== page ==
In our view the individual and the subject are the fundamental myth of our time. We are not content with rejecting "one-dimentional man" – the consumer – but want to get at a deeper illusion. We deny the individual subject as an essence and a fundamental unity. Kantianism sucks. Our loneliness – a vulgar materialist fact – is contradicted by the collective character of our thinking. That is also why we enjoy being wrong. Neither
do we consider that a surrealist group is a "freely chosen collectivity". Natural right thinking was already obsolete in the 19th century even if our times' neoliberals still hold on to that idea.
We do not believe in the lonely genius; it is but a signature behind which a wilderness of collective energy is raging. Thus: fight against the subject and everything that looks like it. Related to that is our hatred for charismatic leaders who readily spice their empty texts with dusky metaphors.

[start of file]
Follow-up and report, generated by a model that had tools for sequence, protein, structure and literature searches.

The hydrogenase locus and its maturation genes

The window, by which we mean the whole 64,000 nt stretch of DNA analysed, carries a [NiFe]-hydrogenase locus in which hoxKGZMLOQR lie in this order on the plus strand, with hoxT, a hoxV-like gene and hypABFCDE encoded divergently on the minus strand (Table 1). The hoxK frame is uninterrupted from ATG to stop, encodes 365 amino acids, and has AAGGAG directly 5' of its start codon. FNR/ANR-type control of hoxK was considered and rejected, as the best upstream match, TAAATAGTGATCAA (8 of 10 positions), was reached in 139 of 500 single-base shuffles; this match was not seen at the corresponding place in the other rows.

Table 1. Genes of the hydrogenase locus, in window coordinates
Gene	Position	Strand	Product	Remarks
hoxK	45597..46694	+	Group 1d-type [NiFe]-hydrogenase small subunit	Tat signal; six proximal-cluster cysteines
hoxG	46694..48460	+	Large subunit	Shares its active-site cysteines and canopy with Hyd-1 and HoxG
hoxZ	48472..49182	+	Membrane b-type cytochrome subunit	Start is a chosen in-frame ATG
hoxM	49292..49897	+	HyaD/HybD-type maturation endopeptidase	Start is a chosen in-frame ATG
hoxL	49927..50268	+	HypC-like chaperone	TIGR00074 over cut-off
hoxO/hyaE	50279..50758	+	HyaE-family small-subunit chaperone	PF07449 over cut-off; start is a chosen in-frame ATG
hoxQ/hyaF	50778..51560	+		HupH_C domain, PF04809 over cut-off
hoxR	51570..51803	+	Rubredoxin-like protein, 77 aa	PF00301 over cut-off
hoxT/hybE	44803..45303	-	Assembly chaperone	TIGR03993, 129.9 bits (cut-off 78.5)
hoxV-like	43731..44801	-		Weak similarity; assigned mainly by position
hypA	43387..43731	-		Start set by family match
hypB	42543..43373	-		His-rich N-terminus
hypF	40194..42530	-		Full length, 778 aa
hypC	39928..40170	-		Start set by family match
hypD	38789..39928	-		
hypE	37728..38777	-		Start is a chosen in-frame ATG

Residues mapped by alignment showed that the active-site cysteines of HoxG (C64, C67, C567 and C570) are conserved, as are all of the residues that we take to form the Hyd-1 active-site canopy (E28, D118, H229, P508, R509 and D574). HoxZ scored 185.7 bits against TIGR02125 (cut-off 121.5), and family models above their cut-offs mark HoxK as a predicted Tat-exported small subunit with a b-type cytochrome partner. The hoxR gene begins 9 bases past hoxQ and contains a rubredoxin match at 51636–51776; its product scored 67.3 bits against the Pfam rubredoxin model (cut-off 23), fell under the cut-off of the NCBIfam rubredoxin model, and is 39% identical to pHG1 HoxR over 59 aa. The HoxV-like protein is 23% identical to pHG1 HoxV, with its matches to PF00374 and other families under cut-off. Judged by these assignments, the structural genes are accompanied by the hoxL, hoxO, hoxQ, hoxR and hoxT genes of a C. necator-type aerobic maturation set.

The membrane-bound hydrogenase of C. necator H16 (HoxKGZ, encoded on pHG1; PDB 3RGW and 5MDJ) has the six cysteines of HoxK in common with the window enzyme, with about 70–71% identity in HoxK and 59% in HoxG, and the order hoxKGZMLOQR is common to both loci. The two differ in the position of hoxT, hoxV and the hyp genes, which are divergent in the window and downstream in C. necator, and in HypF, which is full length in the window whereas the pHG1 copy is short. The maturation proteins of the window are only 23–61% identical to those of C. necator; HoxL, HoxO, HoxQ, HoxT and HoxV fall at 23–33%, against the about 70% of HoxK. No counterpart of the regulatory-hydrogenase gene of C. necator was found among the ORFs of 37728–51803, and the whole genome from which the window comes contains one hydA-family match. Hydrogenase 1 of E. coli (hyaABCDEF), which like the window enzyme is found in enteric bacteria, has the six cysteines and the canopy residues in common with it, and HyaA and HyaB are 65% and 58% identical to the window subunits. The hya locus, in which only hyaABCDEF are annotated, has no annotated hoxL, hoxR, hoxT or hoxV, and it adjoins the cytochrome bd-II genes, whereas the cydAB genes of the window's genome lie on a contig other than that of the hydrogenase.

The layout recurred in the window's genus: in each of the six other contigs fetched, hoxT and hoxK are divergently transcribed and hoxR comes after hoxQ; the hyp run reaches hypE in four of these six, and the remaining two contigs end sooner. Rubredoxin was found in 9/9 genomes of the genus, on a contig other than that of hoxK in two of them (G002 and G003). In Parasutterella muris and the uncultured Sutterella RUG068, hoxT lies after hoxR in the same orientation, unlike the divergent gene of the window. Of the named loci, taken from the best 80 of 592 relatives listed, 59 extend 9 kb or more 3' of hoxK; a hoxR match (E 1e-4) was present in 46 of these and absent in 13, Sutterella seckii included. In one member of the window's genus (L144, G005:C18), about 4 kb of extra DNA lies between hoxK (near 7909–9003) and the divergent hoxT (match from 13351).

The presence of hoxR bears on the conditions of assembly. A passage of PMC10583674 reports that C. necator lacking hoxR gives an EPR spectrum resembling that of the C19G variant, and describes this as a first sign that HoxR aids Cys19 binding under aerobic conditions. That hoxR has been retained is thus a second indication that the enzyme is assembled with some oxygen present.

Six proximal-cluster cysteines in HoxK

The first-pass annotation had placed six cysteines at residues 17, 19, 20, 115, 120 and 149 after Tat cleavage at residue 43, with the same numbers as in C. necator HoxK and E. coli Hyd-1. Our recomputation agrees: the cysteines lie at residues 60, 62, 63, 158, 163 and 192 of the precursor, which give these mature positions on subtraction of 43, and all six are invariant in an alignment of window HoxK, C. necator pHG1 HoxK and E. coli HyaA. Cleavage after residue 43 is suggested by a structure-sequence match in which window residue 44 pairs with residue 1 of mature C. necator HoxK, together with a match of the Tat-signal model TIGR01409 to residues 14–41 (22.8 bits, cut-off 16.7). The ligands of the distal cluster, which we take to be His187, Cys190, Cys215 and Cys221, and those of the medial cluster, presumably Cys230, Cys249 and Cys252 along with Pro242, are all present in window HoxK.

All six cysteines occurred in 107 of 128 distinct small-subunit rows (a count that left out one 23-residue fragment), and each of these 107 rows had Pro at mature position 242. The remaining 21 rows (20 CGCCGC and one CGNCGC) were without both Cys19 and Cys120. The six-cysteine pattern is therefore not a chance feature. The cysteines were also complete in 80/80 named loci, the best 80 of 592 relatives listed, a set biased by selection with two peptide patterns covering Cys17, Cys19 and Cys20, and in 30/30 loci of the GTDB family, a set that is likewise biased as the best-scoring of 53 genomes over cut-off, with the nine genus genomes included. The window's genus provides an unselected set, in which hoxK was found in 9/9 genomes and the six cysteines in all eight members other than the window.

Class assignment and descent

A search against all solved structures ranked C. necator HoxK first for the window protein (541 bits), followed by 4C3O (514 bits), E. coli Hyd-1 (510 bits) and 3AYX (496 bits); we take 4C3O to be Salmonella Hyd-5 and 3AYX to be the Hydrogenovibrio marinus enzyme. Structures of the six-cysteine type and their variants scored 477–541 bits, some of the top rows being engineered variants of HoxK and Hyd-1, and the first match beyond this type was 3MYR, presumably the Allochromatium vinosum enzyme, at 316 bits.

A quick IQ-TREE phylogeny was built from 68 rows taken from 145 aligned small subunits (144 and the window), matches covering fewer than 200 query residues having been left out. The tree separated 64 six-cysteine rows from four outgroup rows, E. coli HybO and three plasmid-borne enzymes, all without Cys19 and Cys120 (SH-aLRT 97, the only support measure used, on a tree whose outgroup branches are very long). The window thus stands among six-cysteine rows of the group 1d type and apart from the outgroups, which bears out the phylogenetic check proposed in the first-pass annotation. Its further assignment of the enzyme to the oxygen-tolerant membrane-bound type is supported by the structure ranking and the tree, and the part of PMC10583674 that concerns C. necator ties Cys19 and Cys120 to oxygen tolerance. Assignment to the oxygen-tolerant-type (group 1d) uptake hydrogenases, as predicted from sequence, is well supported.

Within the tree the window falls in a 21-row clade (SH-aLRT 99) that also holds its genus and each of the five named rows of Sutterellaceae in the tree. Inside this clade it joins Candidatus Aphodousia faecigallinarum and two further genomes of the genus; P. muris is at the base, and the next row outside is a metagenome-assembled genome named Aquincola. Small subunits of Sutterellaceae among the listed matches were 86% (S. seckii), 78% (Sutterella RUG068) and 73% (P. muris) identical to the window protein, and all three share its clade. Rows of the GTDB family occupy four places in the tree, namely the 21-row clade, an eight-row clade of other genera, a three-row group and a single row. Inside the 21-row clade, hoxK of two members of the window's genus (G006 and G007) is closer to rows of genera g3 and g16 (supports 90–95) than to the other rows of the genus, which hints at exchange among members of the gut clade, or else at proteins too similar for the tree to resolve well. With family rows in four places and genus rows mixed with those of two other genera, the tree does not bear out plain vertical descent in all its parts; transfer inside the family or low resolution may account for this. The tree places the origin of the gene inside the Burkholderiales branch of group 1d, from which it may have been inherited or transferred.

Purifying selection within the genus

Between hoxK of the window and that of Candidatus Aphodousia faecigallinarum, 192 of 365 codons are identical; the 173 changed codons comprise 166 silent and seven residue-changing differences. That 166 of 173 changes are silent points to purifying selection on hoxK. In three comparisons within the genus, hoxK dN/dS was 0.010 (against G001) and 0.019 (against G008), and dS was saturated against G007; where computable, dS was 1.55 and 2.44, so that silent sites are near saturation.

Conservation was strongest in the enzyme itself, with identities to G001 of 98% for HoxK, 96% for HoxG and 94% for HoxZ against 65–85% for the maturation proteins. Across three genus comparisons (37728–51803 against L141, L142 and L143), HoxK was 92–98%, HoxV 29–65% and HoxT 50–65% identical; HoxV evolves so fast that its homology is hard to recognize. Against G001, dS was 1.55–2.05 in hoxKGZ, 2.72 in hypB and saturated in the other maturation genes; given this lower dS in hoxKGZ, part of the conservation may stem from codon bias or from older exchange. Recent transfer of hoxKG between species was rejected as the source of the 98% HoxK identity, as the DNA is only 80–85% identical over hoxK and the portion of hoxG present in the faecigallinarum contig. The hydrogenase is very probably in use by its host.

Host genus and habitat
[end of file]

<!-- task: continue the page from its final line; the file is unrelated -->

Defense of a surrealist scientific mind
Surrealism was from the beginning inspired by both natural and human sciences. A break took place after World War II. When Breton, who for tactical reasons wanted to rally the movement around diffuse manifestations rather than around theoretical discussions or conflicts within surrealism, personally became fond of certain occult phenomena – not the latest fields of science – a certain obscurantism took root, which to a greater or lesser extent, still marks us today. We try to turn away from that, and maintain instead the ambition to carry out a critique and a practice animated by a
scientific spirit – without sharing science's stiffened forms.
The self-evident surrealist stand for wildness and passion includes a terrible desire for more reality. We do not want to transform reality (including other people) into base materials for our thought or into object of our desires (as has often been the case with the surrealist view of Woman, for example). We demand that surrealists be permanentely being shaken by the sight of the reflected participation of their own deficient persons in the dynamic magnetic field of materia and meaning that allow